I’m probably the youngest kid ever to be kicked out of first grade. Born in Seattle to immigrant parents, I was kicked out one school day in 1952 for not being able to speak English. My parents wanted me to be bilingual in Cantonese and English, but that was not to be. To get me back in school, they had to promise never to speak Chinese in our presence. They kept their promise and I ended up with fractured Cantonese.
My father was born in Italy and emigrated to the U.S. when he was 26 years old. He didn't speak a word of English. He tried to teach me Italian when I was a child. I remember fighting with him and exclaiming, “I’m American! I don’t need to learn Italian!” That is the greatest regret I have in life.
Renata S. Geraldo
Portuguese is my core. It has shaped the way I love, the way I see people and the way I see myself. Thanks to the intensity of the Portuguese language, I know how to read people, which is essential in my field of journalism. Thanks to its creativity, I am becoming the writer I aspire to be. Thanks to its substance, I am able to have discussions with people regardless of perfect grammar for comprehension. Portuguese has shaped me entirely.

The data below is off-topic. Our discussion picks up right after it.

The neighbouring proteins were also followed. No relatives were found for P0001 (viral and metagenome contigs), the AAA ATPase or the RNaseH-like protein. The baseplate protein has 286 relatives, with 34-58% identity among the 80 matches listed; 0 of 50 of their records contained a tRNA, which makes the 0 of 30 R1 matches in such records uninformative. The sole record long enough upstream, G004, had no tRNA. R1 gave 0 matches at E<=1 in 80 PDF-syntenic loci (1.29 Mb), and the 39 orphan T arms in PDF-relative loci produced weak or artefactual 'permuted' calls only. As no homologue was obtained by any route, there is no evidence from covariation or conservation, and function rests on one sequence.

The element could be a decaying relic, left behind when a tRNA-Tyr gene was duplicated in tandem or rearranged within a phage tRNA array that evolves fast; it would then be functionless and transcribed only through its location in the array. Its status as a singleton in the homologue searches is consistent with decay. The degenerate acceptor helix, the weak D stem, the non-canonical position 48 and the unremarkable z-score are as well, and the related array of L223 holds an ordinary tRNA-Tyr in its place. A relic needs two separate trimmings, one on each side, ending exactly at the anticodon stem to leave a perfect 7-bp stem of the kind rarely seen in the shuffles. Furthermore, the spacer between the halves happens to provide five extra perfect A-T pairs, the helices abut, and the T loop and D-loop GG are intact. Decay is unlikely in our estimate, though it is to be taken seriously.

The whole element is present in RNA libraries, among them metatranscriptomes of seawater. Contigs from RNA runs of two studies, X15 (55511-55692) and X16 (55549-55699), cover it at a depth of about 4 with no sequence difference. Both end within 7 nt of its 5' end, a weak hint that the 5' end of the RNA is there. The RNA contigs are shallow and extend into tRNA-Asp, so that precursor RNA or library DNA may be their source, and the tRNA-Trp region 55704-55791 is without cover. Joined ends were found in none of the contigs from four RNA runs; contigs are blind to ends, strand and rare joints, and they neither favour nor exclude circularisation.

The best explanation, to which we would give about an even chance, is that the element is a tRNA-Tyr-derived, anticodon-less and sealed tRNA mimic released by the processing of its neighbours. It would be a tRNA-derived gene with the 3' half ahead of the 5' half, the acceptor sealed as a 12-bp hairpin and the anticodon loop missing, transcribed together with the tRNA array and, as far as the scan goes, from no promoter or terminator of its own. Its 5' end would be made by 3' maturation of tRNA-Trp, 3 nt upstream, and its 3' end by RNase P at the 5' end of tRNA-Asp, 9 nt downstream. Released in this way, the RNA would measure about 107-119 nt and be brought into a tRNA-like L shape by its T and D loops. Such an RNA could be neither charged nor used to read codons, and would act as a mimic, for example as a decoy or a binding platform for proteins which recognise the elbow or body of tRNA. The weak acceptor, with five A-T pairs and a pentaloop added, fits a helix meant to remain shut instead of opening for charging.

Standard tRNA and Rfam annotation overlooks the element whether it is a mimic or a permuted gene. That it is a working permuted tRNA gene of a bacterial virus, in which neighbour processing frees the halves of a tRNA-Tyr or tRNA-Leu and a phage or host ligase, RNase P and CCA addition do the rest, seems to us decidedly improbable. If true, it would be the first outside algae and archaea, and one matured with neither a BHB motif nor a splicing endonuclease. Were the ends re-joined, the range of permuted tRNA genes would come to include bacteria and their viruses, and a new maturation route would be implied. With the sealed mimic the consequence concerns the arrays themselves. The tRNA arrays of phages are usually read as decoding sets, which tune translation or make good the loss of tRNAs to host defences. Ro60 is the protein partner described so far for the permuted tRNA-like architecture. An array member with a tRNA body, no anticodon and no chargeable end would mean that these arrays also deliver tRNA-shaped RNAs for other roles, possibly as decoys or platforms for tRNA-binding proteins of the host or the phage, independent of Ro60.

I am a Salvadoran native. I came to the U.S. when I was 13 years old. Now I have a growing family with my beautiful Uzbek wife. Our firstborn is a 17-month old boy and we have a baby girl on the way. Your story inspired us to talk to our children in our native languages. If we manage to stick to it, our children will be fluent in Spanish, Uzbek, Russian and English.